It seems that those arguing against free will are offering two possible causes for what occurs - a mixture of determinism (necessity) and randomness (chance).

If you look at this thread and your computer (as examples) you will have to admit that it shows very little randomness.  That would then indicate that this thread was chiefly pre-determined (by the laws of nature, big bang, underlying conditions of reality...).

What does that say about the underlying conditions of reality ?  Those conditions have given rise (by necessity) to what we call intelligence, purpose, thought, logic, language, conversation, brains, consiousness and lots more besides just evidenced by the existence of this thread alone. 

Now, those seem to be some very remarkable underlying conditions.   Or else there have been some very remarkable random fluctuations along the way.  But be that as it may...

Were the underlying conditions random ?   Could the underlying conditions be pre-determined ?  Logically I suggest they cannot be pre-determined because otherwise they would not be underlying conditions (ie uncaused).

There is at least one more option.  The third option is that there was always purpose within the underlying conditions of reality.

I suggest that the only viable options we have available to choose from are that this thread is completely random or that purpose is part of the underlying conditions of reality.

And if it turns out that free will exists then that is just more evidence for the latter option.


[Note, no mention of the G word]


Offline Anfauglir

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Re: A thought on a Godless universe and its implications on free will...
« Reply #133 on: January 05, 2013, 04:16:31 AM »
So in other words, your definition of "free will" relates to the appearance of being able to make a decsion, rather than the actuality of whether different choices can actually be made?  Fair enough, I'm not going to argue with that - I quite agree that everyone (myself included) tends to operate and function as if actual choice can exist.

And my point is that the appearance of being able to make a decision is what we call free will regardless of the fact that at the quantum level each neuron’s firing is either caused or random[1], just as the appearance of being solid is what we call solid regardless of the fact that atoms are mostly empty space. I think our disagreement here is mostly about the definition of the term ‘free will’. I probably didn’t make this point clearly enough earlier in the thread because I was objecting mainly to mhaberling’s claim that randomness doesn’t occur in nature.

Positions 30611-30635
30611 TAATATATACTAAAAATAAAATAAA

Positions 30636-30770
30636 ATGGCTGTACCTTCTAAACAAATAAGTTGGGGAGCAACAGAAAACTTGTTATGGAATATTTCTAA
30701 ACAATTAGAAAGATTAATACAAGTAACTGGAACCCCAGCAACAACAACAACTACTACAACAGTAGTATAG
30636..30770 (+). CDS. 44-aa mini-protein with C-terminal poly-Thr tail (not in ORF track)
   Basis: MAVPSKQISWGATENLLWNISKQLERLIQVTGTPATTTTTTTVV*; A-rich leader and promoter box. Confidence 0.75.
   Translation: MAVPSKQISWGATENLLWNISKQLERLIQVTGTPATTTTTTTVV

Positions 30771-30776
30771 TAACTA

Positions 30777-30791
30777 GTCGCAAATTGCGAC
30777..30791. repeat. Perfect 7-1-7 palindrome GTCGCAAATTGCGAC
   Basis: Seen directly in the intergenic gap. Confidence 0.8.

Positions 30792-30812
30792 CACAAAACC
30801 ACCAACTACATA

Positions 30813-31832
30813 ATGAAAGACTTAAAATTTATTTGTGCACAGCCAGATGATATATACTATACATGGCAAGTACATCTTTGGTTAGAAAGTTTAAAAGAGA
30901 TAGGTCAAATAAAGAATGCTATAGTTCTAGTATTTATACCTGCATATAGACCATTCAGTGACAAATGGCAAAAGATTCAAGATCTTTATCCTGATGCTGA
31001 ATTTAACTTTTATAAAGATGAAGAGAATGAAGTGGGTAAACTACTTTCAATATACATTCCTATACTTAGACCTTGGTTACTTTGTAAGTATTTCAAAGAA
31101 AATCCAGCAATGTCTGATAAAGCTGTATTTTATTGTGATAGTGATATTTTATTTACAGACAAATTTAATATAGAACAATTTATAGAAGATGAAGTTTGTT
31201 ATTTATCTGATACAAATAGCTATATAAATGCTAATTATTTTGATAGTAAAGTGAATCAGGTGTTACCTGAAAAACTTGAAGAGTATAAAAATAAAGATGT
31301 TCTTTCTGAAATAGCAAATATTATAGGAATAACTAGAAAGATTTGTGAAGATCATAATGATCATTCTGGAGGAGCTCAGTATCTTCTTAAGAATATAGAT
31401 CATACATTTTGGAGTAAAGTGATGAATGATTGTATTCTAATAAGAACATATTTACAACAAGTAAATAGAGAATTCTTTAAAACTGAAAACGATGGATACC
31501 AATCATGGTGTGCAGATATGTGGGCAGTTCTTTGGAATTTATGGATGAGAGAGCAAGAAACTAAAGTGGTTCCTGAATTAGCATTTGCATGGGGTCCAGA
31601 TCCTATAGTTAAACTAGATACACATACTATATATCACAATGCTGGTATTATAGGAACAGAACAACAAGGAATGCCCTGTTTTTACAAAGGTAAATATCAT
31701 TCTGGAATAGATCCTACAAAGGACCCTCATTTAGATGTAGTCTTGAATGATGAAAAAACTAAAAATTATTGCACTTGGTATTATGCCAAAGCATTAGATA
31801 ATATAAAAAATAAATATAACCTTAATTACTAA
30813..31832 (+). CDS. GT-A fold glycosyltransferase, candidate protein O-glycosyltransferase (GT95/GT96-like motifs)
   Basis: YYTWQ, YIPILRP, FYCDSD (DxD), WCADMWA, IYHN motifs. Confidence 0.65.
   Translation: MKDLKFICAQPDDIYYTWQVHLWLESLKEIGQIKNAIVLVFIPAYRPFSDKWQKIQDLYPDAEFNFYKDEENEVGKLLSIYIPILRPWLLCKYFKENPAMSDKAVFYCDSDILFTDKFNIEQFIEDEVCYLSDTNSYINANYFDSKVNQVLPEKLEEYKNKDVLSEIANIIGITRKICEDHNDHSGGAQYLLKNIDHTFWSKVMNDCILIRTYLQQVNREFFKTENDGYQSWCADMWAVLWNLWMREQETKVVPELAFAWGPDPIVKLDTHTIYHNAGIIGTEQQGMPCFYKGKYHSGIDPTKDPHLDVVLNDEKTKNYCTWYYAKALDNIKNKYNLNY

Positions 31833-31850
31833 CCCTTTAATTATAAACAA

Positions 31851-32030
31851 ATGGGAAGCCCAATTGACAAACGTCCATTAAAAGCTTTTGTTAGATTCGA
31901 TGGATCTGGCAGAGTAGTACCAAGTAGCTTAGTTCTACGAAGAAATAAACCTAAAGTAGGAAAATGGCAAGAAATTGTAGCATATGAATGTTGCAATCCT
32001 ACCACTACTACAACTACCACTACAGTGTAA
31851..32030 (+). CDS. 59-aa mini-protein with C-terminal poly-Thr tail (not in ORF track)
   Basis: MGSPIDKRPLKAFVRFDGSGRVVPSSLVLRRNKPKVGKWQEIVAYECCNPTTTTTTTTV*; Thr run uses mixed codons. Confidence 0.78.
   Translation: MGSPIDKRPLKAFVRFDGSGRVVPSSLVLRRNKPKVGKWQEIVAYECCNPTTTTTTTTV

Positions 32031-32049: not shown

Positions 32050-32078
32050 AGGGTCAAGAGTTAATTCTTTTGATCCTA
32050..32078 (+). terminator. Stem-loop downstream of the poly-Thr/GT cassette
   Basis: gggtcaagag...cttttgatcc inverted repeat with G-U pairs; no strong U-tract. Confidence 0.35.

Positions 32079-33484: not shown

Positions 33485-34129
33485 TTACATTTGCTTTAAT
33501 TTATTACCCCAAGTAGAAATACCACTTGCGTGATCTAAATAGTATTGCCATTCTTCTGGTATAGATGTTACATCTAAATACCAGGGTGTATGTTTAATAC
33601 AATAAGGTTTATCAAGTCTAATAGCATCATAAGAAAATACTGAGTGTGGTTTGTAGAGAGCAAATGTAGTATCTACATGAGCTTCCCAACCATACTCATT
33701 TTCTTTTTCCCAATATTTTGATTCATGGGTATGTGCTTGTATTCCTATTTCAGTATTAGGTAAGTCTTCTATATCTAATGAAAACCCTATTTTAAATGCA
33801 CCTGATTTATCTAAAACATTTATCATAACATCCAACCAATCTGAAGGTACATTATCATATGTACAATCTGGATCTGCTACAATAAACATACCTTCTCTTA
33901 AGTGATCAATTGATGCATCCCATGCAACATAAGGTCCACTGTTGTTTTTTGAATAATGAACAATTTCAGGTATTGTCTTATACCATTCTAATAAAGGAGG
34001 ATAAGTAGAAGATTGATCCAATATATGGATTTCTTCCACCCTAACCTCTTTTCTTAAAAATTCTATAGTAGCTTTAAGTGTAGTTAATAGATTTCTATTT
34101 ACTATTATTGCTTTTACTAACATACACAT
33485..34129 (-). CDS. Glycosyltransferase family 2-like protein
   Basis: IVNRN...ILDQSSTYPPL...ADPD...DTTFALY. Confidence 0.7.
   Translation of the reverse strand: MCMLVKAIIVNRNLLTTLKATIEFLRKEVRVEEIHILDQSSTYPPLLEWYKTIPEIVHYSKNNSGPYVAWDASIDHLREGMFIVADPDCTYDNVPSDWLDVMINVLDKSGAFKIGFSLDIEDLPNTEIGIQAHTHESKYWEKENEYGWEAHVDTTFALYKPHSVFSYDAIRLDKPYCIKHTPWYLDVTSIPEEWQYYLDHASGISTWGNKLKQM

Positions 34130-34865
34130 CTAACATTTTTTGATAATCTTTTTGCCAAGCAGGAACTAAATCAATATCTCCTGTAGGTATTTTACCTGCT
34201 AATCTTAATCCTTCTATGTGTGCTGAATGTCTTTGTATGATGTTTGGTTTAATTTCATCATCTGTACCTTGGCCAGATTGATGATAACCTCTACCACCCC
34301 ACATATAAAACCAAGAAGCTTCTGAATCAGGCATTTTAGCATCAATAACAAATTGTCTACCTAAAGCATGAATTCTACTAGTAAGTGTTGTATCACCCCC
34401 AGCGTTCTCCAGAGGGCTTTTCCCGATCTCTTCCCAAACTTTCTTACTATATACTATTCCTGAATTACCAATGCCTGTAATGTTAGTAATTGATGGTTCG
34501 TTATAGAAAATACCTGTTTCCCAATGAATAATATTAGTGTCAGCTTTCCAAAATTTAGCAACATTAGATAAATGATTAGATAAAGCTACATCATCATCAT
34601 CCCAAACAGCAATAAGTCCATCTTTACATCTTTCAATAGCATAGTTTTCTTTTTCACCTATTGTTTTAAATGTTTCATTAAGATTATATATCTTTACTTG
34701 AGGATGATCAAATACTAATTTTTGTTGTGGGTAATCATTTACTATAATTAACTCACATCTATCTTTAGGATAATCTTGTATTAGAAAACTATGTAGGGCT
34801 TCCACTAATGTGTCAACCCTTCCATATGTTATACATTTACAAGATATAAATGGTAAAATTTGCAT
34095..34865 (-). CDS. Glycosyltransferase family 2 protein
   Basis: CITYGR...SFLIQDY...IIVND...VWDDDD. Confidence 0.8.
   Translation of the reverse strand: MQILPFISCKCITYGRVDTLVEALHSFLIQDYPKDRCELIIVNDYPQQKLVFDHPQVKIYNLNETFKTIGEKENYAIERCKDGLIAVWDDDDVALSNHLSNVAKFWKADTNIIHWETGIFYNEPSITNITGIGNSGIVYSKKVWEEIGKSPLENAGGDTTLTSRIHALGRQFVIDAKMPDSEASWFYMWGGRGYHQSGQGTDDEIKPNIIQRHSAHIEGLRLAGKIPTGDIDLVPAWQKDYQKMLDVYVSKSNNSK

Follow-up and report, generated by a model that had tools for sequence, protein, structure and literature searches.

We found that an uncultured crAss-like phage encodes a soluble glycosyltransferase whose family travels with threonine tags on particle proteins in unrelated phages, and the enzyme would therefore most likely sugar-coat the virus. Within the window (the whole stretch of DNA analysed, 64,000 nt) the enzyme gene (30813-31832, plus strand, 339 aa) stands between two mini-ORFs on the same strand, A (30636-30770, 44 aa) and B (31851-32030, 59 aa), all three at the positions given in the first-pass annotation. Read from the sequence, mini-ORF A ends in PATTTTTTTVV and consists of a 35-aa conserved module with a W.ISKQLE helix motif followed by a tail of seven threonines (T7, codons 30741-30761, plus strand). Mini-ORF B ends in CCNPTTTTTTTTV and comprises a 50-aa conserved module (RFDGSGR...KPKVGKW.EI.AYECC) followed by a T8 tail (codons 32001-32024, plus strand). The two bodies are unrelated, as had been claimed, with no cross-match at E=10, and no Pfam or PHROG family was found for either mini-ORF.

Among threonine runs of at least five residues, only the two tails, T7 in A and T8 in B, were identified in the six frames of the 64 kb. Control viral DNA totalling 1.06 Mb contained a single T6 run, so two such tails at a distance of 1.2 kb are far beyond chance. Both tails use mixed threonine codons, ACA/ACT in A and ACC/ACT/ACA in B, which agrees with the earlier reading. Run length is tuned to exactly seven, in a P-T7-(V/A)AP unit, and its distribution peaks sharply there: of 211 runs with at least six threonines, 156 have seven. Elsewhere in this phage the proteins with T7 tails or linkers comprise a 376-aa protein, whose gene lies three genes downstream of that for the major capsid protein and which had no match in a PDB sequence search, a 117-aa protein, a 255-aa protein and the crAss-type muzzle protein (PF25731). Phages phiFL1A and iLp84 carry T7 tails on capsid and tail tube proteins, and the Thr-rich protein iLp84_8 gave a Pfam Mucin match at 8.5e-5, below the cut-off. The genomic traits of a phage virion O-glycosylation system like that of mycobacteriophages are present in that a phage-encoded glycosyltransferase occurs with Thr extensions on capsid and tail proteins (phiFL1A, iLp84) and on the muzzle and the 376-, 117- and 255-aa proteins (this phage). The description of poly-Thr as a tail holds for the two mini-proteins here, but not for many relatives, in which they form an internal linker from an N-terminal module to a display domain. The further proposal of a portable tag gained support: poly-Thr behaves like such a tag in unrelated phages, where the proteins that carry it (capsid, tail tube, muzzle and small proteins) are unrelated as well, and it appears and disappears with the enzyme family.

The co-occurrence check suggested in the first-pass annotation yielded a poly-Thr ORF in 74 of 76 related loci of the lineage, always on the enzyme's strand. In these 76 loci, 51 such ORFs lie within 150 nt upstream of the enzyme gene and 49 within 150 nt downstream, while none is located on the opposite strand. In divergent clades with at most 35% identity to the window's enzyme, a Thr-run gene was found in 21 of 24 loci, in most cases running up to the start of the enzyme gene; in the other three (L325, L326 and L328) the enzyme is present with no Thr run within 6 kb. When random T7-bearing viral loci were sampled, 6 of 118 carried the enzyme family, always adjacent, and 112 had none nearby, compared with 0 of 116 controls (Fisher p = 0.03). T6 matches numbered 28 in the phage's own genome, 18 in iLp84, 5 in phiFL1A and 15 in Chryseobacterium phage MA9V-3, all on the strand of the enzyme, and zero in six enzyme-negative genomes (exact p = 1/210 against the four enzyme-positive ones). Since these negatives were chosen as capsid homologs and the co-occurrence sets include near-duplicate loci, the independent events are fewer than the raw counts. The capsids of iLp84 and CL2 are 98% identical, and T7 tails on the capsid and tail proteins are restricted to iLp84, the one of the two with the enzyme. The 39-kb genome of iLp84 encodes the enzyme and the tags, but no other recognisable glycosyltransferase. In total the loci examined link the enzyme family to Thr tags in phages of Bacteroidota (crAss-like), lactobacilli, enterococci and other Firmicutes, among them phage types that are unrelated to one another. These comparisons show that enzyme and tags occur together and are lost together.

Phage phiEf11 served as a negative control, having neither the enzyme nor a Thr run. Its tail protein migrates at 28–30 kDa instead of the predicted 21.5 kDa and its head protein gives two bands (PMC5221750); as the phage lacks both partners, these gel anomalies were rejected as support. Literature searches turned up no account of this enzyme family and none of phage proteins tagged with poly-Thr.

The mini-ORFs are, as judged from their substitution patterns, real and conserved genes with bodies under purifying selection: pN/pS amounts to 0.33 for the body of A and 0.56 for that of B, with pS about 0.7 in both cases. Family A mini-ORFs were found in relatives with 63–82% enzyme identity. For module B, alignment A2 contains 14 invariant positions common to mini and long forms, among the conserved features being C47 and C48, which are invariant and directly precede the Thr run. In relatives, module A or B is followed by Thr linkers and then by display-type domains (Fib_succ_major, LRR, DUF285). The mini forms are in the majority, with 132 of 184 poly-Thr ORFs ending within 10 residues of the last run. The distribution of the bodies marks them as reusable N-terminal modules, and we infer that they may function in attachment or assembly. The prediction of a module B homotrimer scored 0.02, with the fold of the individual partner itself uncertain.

1. more on this below

Possibly the same crossed wired I have with Jaime - that your use of the term "free will" is intended to describe the appearance of the ability to choose, rather than the actuality.  I'm not arguing at all that we appear to have free will, just that - ultimately - what we do is either determined, or random.  Neither option is one I can dignify with the term "will".

Quote
But I note that you did NOT actually offer an answer to my question, as to how the third option to causality and randomess actually operates.

Call it what you like - and I think that's an accurate description of reality.  But nothing there explains how it is possible for an alternate "decision" to be made given a particular pattern of those 100 trillion neurons.  THAT is what I'm asking you to explain - how, for one particular pattern of those neurons, the following split-second's pattener was NOT inevitable through causality, nor a random result.

So, the ability to select between different choices coupled with the influence of randomness on the selection process is, I think, what gives us free will.

Its the language, I think.  That bolded part.....if what we do is indeed a mix of random and determined, then there is no "ability to select" being displayed.  "A different selection may end up being made", but there is no conscious ability being exercised.  Pretty sure you meant the latter, but wanted to be sure.

Quote
You seem to want to place blame.  MY point is that although, sure, the person did not have "choice" in what they did, there still need to be steps taken to ensure that they will not repeat the poor action - which may be retraining, or removal from the job (both of which already happen).

I think you are reading too much into my responses. I’m not concentrating on blame or punishment, but on legal liability. If people are deemed not responsible for their actions because they have no free will then there is no legal liability after the fact. For example, take the recent ruling against Transocean for its negligence in the Deepwater Horizon disaster. If no one in Transocean could be deemed responsible for his or her actions then there would be no case for Transocean to answer.